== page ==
Next, the operation of the scanning electron microscope 1 according to this embodiment is explained with reference to the accompanying drawings. FIG. 2 is a schematic diagram showing the manner in which the vacuum ultraviolet light is radiated into the radiation chamber in which the reticle having no resist pattern is arranged. FIG. 3 is a schematic diagram showing the manner in which the vacuum ultraviolet light is radiated into the radiation chamber in which the reticle having a resist pattern is arranged.

First, an explanation is made about a case in which as shown in FIG. 2, the reticle 107 as a specimen for inspection is configured of an opaque pattern 206 and a quartz substrate 107 a, which has no organic matter such as a resist pattern on the surface thereof.

As shown in FIG. 1, the reticle 107 is retrieved from a storage, not shown, by a transport robot 117 and mounted on a specimen table 115 in the radiation chamber 123 through an open gate valve 124. Then, the gate valve 124 is closed not to disperse the subsequently generated excited oxygen atoms and ozone out of the radiation chamber 123.

The control unit 104 instructs the low-level controller 119 to make sure that the vacuum ultraviolet light reaches the reticle 107 directly, i.e. to keep an interval 121 of not more than 2 mm between the reticle 107 and the window 120. As a result, the low-level controller 119 moves up the specimen table 115 by the lift mechanism 116 and sets the interval 121 of not more than 2 mm between the reticle 107 and the window 120. After the reticle 107 moves up, the lamp 114 emits light and the vacuum ultraviolet light from the lamp 114 reaches the reticle 107 through the window 120.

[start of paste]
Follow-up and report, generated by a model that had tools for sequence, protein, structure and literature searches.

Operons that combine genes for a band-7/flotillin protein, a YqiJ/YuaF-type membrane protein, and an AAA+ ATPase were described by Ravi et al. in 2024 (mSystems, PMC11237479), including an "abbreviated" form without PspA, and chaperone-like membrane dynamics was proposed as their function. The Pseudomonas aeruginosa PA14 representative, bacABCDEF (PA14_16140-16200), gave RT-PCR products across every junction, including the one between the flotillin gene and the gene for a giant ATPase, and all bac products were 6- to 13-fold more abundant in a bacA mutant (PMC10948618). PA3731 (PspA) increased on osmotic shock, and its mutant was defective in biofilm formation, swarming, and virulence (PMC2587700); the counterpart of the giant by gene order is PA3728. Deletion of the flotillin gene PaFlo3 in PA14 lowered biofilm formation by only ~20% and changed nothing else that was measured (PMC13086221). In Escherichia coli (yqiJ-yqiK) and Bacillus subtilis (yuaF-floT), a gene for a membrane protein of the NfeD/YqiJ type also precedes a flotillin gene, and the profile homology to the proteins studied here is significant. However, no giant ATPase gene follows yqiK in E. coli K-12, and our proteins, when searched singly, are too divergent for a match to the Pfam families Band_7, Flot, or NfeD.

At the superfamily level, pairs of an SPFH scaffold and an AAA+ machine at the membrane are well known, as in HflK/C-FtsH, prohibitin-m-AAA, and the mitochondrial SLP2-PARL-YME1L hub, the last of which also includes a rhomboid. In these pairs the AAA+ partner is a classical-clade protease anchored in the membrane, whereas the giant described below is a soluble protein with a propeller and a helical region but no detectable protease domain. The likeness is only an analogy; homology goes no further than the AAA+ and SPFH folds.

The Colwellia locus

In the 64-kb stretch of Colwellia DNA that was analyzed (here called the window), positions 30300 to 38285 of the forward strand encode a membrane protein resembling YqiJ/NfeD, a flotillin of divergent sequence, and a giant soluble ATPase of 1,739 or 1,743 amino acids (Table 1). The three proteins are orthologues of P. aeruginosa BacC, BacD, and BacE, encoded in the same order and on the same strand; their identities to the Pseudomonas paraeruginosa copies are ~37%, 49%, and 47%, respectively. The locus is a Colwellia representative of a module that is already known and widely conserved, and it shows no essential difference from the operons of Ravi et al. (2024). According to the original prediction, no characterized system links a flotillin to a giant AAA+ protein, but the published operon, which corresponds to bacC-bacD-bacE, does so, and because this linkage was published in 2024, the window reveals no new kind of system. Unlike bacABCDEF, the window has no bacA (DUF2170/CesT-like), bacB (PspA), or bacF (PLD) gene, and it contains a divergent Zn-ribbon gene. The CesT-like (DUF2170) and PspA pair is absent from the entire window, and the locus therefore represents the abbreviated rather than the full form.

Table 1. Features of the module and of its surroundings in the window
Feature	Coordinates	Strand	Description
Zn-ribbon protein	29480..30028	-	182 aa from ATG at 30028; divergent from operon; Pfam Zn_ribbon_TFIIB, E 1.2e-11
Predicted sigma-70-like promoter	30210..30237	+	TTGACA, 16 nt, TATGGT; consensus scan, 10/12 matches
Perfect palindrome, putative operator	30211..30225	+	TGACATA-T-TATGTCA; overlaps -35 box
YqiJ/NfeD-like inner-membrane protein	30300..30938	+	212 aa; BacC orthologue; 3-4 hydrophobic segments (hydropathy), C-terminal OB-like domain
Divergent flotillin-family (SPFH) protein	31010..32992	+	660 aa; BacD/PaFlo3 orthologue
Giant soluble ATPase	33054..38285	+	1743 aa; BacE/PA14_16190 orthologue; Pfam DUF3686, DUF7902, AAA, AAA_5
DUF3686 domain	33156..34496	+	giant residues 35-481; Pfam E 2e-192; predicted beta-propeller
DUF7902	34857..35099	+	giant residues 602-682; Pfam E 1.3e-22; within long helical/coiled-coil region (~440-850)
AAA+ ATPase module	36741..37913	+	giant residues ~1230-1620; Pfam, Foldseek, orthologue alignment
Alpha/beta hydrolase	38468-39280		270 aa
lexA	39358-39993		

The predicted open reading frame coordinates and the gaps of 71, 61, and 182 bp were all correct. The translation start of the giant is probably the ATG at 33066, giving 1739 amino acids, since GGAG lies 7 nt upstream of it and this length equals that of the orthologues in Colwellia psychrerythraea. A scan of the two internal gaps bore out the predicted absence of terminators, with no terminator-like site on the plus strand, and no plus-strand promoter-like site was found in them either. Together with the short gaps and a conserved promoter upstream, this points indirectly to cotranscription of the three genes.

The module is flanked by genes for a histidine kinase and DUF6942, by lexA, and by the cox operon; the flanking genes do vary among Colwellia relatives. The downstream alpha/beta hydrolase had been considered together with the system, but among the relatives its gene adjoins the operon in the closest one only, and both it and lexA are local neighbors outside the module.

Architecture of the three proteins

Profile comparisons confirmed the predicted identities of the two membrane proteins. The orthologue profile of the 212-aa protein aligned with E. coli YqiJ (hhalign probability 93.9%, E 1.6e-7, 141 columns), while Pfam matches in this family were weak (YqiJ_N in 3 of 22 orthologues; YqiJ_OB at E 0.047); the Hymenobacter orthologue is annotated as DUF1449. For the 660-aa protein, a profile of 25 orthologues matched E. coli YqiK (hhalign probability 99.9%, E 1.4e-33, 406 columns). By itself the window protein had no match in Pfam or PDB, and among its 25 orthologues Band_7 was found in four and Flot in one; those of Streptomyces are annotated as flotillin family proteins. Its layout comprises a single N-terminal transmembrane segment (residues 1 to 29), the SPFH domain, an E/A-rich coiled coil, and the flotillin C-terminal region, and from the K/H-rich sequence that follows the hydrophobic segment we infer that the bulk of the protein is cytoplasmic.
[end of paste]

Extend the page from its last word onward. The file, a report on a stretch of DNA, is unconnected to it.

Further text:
As shown in FIG. 2, the vacuum ultraviolet light 202 radiated from the lamp 114 is absorbed into the oxygen in the atmosphere after passing through the window 120 thereby to generate the excited oxygen atoms (O*: oxygen radical) and ozone (03) 204. In the process, the interval 121 between the reticle 107 and the window 120 is so narrow that part of the vacuum ultraviolet light 202 reaches the surface of the reticle 107 and cuts off the intramolecular bondage of the hydrocarbon 201 existing on the surface of the reticle 107. As a result, the hydrocarbon 201 is decomposed into hydrocarbon 203 having a smaller molecular weight. This photodecomposition is strong and affects the purification capability. The decomposed hydrocarbon 203 small in molecular weight further reacts with the excited oxygen atoms and ozone 204 into carbon dioxide (CO2) and water (H2O) 205. In this way, with this scanning electron microscope 1 (FIG. 1), the hydrocarbon 201, 203 existing on the surface of the reticle 107 are removed in the form of carbon dioxide and water. As a result, the contamination is suppressed which otherwise might be caused by the radiation of the primary electron beam on the reticle 107 in the specimen observation chamber 105 (FIG. 1). As shown in FIG. 2, even in the case where the reticle 107 is exposed to the excited oxygen atoms, ozone 204 and the vacuum ultraviolet light 202 in the radiation chamber 123, the opaque film pattern 206 on the surface of the reticle 107 is hardly affected.